SAN DIEGO, Jan. 27, 2020 – U.S. out-of-pocket healthcare spend, including consumer copayments, deductibles and spending not covered by insurance, was more than $375 billion in 2018, according to the Centers for Medicare & Medicaid Services (CMS). CMS projects 43 percent growth in patient out-of-pocket financial responsibility between now and 2027. Increasing consumer responsibility for medical costs points to the fact that long-term patient financing — at least 12 months — is now a “need to have” benefit health systems should offer.
In the five years that ClearBalance® has tracked consumer perception of healthcare costs, an average of 95 percent of survey respondents have said it’s very important that their health system offer long-term financing. “Using ClearBalance patient financing to augment their internal financial policy gives health systems the resources to help make care affordable for their community,” says ClearBalance President and CEO Bruce Haupt.
Today, the financial experience consumers have with a health system affects their decision about whether they will return the next time they need care. According to the ClearBalance 2019 Healthcare Consumerism study, conducted in partnership with Porter Research, 90 percent of respondents very likely will return to the health system based on the availability of the ClearBalance zero-interest financing program. What’s more, 88 percent say they will recommend the health system to family and friends. This trend is prompting ClearBalance health system partners to proactively communicate payment options before, during and after care.
“The patient’s financial experience spans multiple steps in what we call the “Pre-service to Next Service Patient Financial Journey™,” says Haupt. “The approach eases patients’ concerns about how they’ll pay their out-of-pocket costs because the health system provides an affordable payment option at several points of patient engagement.”
Creating a financial path before care enables patients to focus on their care and recovery vs. worrying about how they’ll pay their medical costs, Haupt adds: “This strategy removes cost as a barrier and positions the health system as the logical, affordable choice the next time the patient needs care.”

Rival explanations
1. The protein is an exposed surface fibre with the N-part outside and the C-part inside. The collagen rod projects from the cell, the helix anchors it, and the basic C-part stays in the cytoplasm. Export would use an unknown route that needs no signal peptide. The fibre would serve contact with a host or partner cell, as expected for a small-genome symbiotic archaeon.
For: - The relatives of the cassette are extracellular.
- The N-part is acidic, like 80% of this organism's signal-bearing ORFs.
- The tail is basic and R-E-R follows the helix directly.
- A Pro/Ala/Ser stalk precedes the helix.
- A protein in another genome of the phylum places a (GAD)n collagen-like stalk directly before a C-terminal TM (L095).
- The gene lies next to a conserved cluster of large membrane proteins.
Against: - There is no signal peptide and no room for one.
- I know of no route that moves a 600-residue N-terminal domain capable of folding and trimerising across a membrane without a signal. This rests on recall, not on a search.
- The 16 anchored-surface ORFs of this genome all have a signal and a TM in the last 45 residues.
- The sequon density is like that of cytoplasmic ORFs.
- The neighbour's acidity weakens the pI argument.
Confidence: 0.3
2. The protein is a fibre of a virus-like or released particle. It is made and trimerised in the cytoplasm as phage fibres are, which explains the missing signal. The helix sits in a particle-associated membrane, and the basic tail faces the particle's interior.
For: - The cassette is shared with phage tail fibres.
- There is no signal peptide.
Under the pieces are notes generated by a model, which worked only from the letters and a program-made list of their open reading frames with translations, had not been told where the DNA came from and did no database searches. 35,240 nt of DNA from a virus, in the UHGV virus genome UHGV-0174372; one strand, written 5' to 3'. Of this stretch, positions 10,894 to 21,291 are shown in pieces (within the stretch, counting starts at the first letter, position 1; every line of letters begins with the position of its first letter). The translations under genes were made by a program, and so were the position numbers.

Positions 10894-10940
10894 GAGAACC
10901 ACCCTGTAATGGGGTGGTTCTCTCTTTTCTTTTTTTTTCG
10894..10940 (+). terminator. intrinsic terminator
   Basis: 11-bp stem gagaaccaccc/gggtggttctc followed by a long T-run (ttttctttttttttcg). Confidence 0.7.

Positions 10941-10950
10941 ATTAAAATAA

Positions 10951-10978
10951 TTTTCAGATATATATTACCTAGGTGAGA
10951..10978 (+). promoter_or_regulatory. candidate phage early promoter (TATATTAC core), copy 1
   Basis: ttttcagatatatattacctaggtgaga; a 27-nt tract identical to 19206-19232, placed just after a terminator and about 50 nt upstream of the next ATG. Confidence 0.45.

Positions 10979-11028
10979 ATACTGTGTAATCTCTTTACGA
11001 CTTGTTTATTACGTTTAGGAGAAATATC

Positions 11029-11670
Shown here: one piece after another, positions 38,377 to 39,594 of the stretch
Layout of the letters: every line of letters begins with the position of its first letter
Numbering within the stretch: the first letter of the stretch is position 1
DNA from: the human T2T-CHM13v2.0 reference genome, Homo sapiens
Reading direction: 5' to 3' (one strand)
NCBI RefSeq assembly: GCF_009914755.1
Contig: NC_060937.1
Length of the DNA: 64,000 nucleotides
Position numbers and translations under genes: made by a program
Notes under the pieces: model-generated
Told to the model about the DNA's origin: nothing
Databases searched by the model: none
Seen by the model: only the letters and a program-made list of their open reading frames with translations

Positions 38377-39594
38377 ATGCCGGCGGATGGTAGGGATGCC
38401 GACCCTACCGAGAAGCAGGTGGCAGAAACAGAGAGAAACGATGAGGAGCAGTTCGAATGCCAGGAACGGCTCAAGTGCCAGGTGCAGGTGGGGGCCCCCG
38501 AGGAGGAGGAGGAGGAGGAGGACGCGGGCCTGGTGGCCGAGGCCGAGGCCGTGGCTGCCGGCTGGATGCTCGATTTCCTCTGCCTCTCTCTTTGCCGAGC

Protecting market share is critical, and most health system leaders understand they must appeal to consumers’ wants and needs, which includes affordability, to gain their loyalty. The Healthcare Consumerism study shows that consumers expect to discuss the cost of healthcare; 75 percent of survey respondents ask about payment options. Moreover, 87 percent expect their healthcare provider to offer long-term financing and 89 percent say they need more than 12 months to repay their healthcare expense. In return, health systems that offer ClearBalance patient financing routinely see loyalty and referral ratings of 90 percent and 88 percent, respectively.
Patient loyalty and referral are important indicators that significantly affect financial performance. A patient who returns to a health system within 18 months generates six times worth the revenue of the initial visit, according to The Advisory Board Company. Offering ClearBalance patient financing to the increasing number of consumers who will need an affordable payment option clearly is a must-have in the health system revenue cycle.
ClearBalance has been at the forefront of patient pay management since 1992, providing high-performing patient financing solutions and revenue cycle IT expertise while enhancing the consumer experience. The ClearBalance program features the only HFMA Peer Reviewed ROI Value Model™, which identifies providers’ cost to collect patient pay and sets nationally recognized benchmarks for a long-term financing alternative. ClearBalance.org
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